Survivor’s Rupert running for governor

Eight years ago, Rupert Boneham was introduced to the world as a jolly, big-bearded, tie-dye-wearing cast member on Survivor Pearl Islands. Now, he’s a jolly, big-bearded, corduroy jacket-wearing candidate for governor of Indiana.

Rupert “made the announcement at a public pizza party and free shirt tie-dye workshop that Boneham and his family hosted Saturday afternoon on the grounds of American Legion Post. 64 on Indianapolis’s Westside,” The Indianapolis Star reports. He is running as a Libertarian, and if he wins the party’s nomination, will face Republican and Democratic candidates in the general election.

In a press release, Rupert said, “Many people are aware of me through one small aspect of my life, which was my time on Survivor. I’ve come up from humble beginnings to own and operate several small businesses. I was then on this reality TV show that allowed me a platform to raise money for my charity, Rupert’s Kids. Through that work I’ve been blessed, and I’ve put almost everything back in to my community. I am looking forward to telling Hoosiers my entire story.”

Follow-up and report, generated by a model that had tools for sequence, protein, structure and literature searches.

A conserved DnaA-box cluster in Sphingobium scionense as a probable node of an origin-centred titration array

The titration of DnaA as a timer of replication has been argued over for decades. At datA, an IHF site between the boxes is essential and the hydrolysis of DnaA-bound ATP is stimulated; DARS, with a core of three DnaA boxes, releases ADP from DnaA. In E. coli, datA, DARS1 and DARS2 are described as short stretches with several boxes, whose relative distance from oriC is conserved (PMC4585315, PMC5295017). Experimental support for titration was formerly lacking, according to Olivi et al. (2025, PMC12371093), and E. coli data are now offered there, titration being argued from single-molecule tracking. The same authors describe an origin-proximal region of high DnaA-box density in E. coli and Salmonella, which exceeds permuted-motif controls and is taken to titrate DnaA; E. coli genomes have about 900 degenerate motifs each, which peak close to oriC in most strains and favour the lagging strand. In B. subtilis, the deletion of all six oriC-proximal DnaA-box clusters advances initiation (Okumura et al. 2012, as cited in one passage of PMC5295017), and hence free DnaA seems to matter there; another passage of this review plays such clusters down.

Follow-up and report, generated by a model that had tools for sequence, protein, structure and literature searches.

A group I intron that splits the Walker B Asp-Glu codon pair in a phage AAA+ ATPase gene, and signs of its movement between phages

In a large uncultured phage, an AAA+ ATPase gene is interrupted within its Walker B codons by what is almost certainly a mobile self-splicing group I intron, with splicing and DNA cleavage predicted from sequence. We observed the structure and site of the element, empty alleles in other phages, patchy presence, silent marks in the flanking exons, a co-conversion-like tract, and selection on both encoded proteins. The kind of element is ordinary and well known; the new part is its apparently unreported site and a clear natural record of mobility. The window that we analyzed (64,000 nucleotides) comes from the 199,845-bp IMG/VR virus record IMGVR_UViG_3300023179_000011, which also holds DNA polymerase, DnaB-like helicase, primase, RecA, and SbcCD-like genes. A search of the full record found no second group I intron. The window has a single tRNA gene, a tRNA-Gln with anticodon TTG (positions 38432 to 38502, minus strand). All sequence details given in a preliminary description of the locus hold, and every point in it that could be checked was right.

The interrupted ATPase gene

Announcing his candidacy today, Rupert said, according to the paper, “I still like a tie-dye tank top and shorts, ya know, but I want people to see me serious.” (As a former reality TV star, he’s prohibited from using words such as “seriously” and “personally,” replacing them with the adjective versions instead.)

Perhaps as part of that effort to be taken seriously, Rupert has changed his appearance but only slightly: Talking to the press Friday, he wore a suit instead of a tie-dyed t-shirt, but the crazy beard and hair remain; the newspaper said that, for the announcement, he wore “a white shirt, black ribbed corduroy sport jacket and black slacks.”

Rupert’s campaign has work ahead of it, especially since as his campaign web site hasn’t been updated and still says he’s only formed an exploratory committee.

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about the writer

Andy Dehnart is a journalist who has covered reality television for more than 15 years and created reality blurred in 2000. A member of the Television Critics Association, his writing and criticism about television, culture, and media has appeared on NPR and in Playboy, Buzzfeed, and many other publications. Andy, 36, also directs the journalism program at Stetson University in Florida, where he teaches creative nonfiction and journalism. He has an M.F.A. in nonfiction writing and literature from Bennington College. More about reality blurred and Andy.